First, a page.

Wednesday, December 22, 2010

Charles Phoenix, The Retro Holiday Man!

Charles Phoenix's laugh-out-loud retro holiday slide shows are a Christmas season favorite here in Los Angeles.  I've known Charles for over 15 years and I'm always proud to tell people that Jody and I were at his very first show back in 1998. Each year, as his heap of Kodachrome eye-candy from the past grows bigger, his performances get better - and FUNNIER!

My original concept for the Charles Puppet. 

A few years ago, I proposed doing a stop-motion animated segment for the Charles Phoenix Holiday Jubilee at the REDCAT theater in the Walt Disney Concert Hall complex.  Starting late in the year, we ran out of time to film the animation, but stills of the 16-inch puppet and paper backdrop were used for publicity and as the cover of the program.  The project was a sheer delight.

Last week Charles appeared on the Conan TV show with the ultimate yuletide snackable - the Astro-Weenie Christmas Tree.  It's pure Charles Phoenix brilliance.

Monday, December 13, 2010

Paint Like It's 1930!

Above is a sketch for an unused Walt Disney Studio greeting 
card created by an uncredited artist in the early 1930s. 

Over 70 years later, Jody completes the final painting which, in turn, is published by Disney as a boxed set of greeting cards. 

 It's not easy to mimic vintage paint techniques, but I think Jody did a very convincing job, making it look as though the final art had actually been completed in the 1930s.

Sunday, December 05, 2010

Happy Birthday Walt Disney

He would've been 109 today.

Friday, November 12, 2010

Down By The Station, Early In The Morning...

On November 13th, bright and early, Jody and I will be down at Disneyland for the release of our newest collectible based on a classic attraction:  The Nature's Wonderland Mine Train.  From 1960 to the mid 70s,  these bright yellow little trains carried passengers on a scenic adventure through the "unspoiled wilderness" of Frontierland.

Traveling over creaky wooden trestles, through cool rock caves, and beneath a natural arch bridge, passengers viewed over 200 animated animals and birds representing "almost every specie still roaming the North American continent", according to the original press release.

The unpainted, first prototype

Although Jody and I both can say we have ridden through Nature's Wonderland, we were too young to remember anything about our experiences. Our model, on it's own trestle base, is carefully copied from stacks of photos and the original vellum draftings stored in a big flat drawer at Walt Disney Imagineering.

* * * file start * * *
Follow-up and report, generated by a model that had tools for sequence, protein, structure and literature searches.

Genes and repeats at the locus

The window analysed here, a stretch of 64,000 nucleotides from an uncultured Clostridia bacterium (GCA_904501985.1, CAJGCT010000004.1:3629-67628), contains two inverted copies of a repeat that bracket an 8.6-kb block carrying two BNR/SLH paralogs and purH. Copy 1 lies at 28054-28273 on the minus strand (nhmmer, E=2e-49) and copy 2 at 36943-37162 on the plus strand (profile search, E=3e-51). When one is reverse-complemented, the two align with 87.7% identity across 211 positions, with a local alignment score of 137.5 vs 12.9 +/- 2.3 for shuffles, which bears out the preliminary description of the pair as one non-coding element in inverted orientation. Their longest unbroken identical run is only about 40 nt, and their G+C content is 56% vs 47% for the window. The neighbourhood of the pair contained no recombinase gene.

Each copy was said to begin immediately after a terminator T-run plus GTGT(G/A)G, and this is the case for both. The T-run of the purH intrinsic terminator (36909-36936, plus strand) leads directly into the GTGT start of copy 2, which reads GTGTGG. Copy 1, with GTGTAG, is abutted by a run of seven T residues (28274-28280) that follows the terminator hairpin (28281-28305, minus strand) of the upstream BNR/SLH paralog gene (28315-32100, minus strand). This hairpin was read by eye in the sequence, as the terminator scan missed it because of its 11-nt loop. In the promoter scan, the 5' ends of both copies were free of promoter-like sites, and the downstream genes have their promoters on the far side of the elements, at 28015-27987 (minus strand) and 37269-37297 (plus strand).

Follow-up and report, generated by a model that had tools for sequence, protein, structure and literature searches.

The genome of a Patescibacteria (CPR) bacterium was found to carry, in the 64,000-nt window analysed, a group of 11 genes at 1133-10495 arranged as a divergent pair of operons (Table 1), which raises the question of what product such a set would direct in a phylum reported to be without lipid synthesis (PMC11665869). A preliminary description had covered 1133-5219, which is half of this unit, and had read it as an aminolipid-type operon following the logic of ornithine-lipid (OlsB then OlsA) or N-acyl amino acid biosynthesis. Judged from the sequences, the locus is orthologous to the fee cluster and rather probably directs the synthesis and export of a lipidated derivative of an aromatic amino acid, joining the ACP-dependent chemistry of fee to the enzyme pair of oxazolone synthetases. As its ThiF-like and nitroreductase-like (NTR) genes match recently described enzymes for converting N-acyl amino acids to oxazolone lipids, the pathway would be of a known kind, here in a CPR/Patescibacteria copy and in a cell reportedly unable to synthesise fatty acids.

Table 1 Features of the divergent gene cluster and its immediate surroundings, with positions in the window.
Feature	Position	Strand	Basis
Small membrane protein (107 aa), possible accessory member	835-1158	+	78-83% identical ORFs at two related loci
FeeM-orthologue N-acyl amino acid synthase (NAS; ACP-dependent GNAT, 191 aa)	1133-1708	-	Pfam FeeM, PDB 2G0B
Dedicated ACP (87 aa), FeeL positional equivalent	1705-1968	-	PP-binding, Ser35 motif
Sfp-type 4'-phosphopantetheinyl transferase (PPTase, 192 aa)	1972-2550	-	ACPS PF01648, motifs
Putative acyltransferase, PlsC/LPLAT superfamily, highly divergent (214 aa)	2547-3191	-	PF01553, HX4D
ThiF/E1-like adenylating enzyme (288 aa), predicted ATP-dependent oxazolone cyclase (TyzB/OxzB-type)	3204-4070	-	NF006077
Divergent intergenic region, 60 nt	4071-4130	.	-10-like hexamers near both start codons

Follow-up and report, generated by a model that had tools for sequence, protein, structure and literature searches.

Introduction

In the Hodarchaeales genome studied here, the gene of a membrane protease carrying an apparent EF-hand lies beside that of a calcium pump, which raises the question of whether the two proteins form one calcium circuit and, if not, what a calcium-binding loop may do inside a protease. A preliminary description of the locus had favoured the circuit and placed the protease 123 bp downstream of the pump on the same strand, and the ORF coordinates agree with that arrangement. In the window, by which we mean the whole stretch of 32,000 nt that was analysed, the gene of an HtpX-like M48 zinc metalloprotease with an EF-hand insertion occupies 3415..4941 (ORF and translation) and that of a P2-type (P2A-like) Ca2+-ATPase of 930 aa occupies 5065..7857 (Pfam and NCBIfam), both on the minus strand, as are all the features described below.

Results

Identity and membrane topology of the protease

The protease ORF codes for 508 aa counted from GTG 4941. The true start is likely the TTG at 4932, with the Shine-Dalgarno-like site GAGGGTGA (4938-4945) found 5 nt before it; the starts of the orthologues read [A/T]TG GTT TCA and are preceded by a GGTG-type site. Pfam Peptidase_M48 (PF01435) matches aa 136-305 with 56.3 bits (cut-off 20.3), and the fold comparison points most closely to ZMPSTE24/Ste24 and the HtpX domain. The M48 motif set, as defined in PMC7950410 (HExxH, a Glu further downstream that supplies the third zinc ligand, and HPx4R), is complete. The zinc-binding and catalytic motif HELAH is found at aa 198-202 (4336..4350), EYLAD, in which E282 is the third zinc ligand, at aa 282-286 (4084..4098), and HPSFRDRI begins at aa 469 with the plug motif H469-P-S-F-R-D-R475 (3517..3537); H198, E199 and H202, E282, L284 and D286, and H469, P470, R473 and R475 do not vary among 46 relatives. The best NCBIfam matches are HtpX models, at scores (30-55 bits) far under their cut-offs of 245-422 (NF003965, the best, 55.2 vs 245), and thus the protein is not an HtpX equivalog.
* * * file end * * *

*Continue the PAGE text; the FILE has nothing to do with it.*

Creating the realistic Olympic Elk figures for the attraction.

Legendary designer Bob Gurr (that's him above in the green shirt) built mechanisms for many of the realistic animals that inhabited the ride.  "Nature's splendor" culminated in the colorful Rainbow Caverns, a florescent watery-wonderland of underground stalactites, stalagmites...and, of course, black lights.

Spoiler alert!  (Although, really, how can we spoil something that doesn't even exist any more?) Here is a RARE view of a portion of the Rainbow Caverns during a routine refurbishment in the 1960s.  The water is drained, work-lights are on, and a workman's power cord stretches across the tracks, ruining the illusion, but allowing us to appreciate "how it was done"!  

Rocky cut-outs obscure rows of lights, while electric fans mounted on the walls create a refreshing breeze for passengers still warm from their trip across the arid "Living Desert".

We dearly love the Mine Train and wish we could still take a trip through Nature's Wonderland today (although Big Thunder Mountain Railroad is one of our favorite Disneyland rides, and retains several of the effects and scenes from its predecessor.)  

Tomorrow mornin', if'n you're in our part of the wilderness (that is Anaheim), why not mosey on down to the Disneyland Gallery on Main Street and visit for a spell? Jody and I will be there, along with Bob Gurr, to sign Mine Trains and shoot the breeze from 9am to 11am.  Hope to see you there!

Sunday, October 31, 2010

Hell on Wheels

Another of Jody's paintings...banned from Disneyland!

CRASH! BANG!  All that reckless driving has apparently done us in, but the kid in the striped shirt isn't phased.  He's still merrily on his way, in spite of the little devils laughing at his predicament in this original acrylic painting by Jody Daily.

Sadly, you'll never see this fabulous art piece for sale at Disneyland because Disney's legal department gave it the axe.  Why?  Your guess is as good as mine, but this glowing red creation of Jody's is one of my utmost favorites.  I love the gaping --but subtle-- "Mouth of Hell" at the top of the painting, with the mangled train tracks and, just beyond, the cool moonlit countryside where moments earlier, we were enjoying a wild ride in Mr. Toad's motorcar.

The "Mouth of Hell" welcomes us with fiery blacklight in 
this 1955 photo taken inside the Disneyland dark ride.  

The Victorian-era "Cabaret de l'Enfer" (Hell Cabaret) was a popular Paris nightclub in the 1890s.  To my mind, it was the direct inspiration for Disneyland's version of the underworld.

 Cabaret de l'Enfer in 1952, not long before it closed forever.  Note the metal roll-down gate.

The "Cabaret de l'Enfer" was located in the Montmarte neighborhood of Paris, not far from other more famous nightspots such as the Moulin Rouge and the Gran-Guignol. 

In Mr. Toad's Wild Ride, we encounter devils and demons gleefully reaching out at us with pitchforks in a subterranean cavern...

...and in the above 1910 photo of the interior of the Cabaret de l'Enfer, it's obvious a similar theme was carried out even then.  This is fascinating stuff to me, and if you'd like to learn more, please check out the EXCELLENT "Long Forgotten" Blog.

A maquette for one of the devils in Mr. Toad's Wild Ride, circa, 1982.

Images from an eBay Auction, circa 2002.

Friday, October 15, 2010

How To Make a Replica of Walt Disney's Car

So, here's all you have to do.  First, drive up the 5 Freeway to Walt Disney Imagineering to request the original blueprints for Walt Disney's personal "Runabout" (making sure you have a valid project job number or you will get nowhere). After a full day spent searching their computer data bases, flipping through slide binders and rifling through old folders, try not to be too downhearted when you discover there isn't a single blueprint of Walt's car anywhere to be found.